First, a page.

22 Aug 2017 - by A4ID

Getting to grips with ending poverty – Yasmin Batliwala writes in The Times Law Brief

Chief Executive Yasmin Batliwala discusses the Sustainable Development Goals and calls on the legal industry to assist in achieving these in The Times Law Brief.

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Chief Executive Yasmin Batliwala discusses the Sustainable Development Goals and calls on the legal industry to assist in achieving these in The Times Law Brief.

Yasmin’s article was published in The Times Law Brief, 7th September 2016, and can be found here.

Overseas aid and alleviating global poverty are issues that always seem to have less of the limelight than they merit.

That problem was recently addressed when the House of Commons international development committee published a report on the UK‘s implementation of sustainable development goals. The committee fully supported the goals, which were adopted by the UN last September with 193 countries signing up.

Words of support come easily; huge sums of money far less so. The report stresses the need for “financial investment of trillions of dollars from a variety of sources”.

Via the Department for International Development, the UK already provides 0.7 per cent of its gross national income – making our country one of only six to meet the UN’s aid spending target.

The report highlights the need for encouraging private sector investment and maximising capital markets, with a focus on the London Stock Exchange and City of London. It also endorses a government-devised business case for private sector engagement and promotes the government taking a leading role in communicating the goals to the private sector.

These and other recommendations are welcome as a step in the right direction. In reading the report, one can only conclude that although significant goodwill exists not much is actually being done. And what contribution can the UK’s legal profession make to the implementation of the goals?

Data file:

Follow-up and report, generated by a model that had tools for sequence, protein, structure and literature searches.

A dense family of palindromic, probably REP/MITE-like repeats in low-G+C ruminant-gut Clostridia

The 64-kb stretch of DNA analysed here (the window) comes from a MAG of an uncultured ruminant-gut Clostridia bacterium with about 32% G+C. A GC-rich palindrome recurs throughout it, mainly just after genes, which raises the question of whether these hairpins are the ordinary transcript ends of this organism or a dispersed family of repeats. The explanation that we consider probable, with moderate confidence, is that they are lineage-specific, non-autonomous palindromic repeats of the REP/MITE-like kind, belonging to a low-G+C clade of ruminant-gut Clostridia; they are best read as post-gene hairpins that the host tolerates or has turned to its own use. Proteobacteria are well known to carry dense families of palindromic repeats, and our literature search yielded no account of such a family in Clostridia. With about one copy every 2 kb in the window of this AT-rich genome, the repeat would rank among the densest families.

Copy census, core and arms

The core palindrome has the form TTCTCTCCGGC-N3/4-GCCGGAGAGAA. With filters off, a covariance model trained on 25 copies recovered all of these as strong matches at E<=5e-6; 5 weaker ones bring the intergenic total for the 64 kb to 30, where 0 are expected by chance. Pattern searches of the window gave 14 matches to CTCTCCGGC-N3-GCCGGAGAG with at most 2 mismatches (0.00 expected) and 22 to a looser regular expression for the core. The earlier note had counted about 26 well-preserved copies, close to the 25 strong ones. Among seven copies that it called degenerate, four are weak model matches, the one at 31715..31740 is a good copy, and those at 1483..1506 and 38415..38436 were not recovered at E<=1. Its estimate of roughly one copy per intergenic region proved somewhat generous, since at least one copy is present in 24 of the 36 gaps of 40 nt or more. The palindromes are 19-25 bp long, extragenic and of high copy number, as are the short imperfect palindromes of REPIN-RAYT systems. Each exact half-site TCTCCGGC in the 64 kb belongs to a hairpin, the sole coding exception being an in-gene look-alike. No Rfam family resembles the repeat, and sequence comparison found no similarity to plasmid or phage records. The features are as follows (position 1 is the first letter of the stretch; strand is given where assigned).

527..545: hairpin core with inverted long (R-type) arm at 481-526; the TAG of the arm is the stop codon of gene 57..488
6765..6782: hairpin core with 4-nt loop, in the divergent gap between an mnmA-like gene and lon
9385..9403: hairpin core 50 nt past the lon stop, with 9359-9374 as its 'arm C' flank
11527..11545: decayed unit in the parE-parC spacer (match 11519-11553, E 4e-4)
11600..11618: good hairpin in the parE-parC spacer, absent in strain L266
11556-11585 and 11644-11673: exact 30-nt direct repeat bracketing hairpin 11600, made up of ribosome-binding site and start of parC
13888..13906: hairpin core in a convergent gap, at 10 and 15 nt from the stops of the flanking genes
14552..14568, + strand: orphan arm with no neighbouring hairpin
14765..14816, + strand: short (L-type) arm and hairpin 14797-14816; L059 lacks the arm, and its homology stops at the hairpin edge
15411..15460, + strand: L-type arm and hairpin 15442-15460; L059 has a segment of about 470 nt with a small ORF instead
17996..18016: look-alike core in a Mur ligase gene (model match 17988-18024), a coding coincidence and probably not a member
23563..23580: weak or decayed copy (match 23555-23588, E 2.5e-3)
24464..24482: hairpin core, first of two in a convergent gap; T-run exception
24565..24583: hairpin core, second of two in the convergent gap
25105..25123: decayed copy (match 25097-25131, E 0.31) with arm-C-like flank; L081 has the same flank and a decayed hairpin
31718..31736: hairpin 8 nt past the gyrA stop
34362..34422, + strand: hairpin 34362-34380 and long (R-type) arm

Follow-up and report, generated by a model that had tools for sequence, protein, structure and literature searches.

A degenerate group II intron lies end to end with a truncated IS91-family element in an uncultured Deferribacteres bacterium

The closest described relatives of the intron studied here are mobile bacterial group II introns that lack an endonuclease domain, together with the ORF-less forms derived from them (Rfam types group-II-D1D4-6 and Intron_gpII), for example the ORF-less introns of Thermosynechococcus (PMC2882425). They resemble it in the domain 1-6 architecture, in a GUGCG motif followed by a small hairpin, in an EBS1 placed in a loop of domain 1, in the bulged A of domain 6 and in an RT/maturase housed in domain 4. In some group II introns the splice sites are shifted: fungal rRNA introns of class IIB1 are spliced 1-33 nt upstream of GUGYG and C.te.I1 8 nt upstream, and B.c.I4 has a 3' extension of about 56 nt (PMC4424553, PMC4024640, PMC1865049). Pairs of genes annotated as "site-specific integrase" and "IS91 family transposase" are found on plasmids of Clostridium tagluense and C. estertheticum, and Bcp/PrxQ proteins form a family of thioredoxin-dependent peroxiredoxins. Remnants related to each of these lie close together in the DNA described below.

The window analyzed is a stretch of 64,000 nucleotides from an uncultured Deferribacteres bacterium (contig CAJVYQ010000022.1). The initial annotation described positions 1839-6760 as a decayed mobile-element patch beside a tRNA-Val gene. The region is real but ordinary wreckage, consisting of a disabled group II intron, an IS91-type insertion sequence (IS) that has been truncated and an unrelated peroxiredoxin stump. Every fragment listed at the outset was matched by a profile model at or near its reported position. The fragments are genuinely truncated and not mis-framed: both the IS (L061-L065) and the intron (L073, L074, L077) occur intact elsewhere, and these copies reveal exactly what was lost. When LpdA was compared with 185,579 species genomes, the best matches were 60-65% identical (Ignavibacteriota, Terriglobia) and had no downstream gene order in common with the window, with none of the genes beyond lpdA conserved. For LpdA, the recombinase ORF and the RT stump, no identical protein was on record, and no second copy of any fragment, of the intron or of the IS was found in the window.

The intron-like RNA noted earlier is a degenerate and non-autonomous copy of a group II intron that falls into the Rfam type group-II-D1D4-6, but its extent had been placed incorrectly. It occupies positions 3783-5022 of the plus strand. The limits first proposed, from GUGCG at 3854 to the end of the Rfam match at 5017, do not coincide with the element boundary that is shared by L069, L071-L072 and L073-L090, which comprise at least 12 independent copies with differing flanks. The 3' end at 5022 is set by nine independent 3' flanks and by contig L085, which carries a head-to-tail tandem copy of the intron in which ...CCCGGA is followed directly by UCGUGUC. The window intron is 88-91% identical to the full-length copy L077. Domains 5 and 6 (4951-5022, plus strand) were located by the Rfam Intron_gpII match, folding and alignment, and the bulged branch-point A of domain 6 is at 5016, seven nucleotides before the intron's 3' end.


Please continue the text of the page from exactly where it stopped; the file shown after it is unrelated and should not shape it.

Pro bono legal support and training to those working in the development sector in poverty stricken regions is a clear avenue for UK lawyers. Local lawyers are often highly motivated but they lack the in-depth knowledge of international law required to make effective petitions to either their national governments or international bodies. The UK’s reputation as a hub for international disputes is well deserved, making our firms uniquely placed to assist these lawyers.

UK human rights lawyers can also contribute by leading in the fight against discriminatory laws. Attempts by large international firms to exploit local resources, potentially at the expense of the environment, can be more effectively fought with the help of lawyers knowledgeable in the law of the firm’s home country. And assisting local entrepreneurs in contract negotiations will promote job creation and boost local economies.

But the goal relating to peace, justice and strong institutions is where UK lawyers could make the largest difference. UK legal expertise in arbitration across multiple jurisdictions can assist in establishing peace between groups, while the focus on the rule of law is self-evident.

Similarly, experience in corruption investigations can be transferred, allowing for a more even application of justice while strengthening various state institutions.
It is clear that the UK, particularly the legal sector, has a lot to offer in achieving these goals. A strong, concerted strategy for implementation will assist in turning the goodwill that is already evident into results that benefit everyone.

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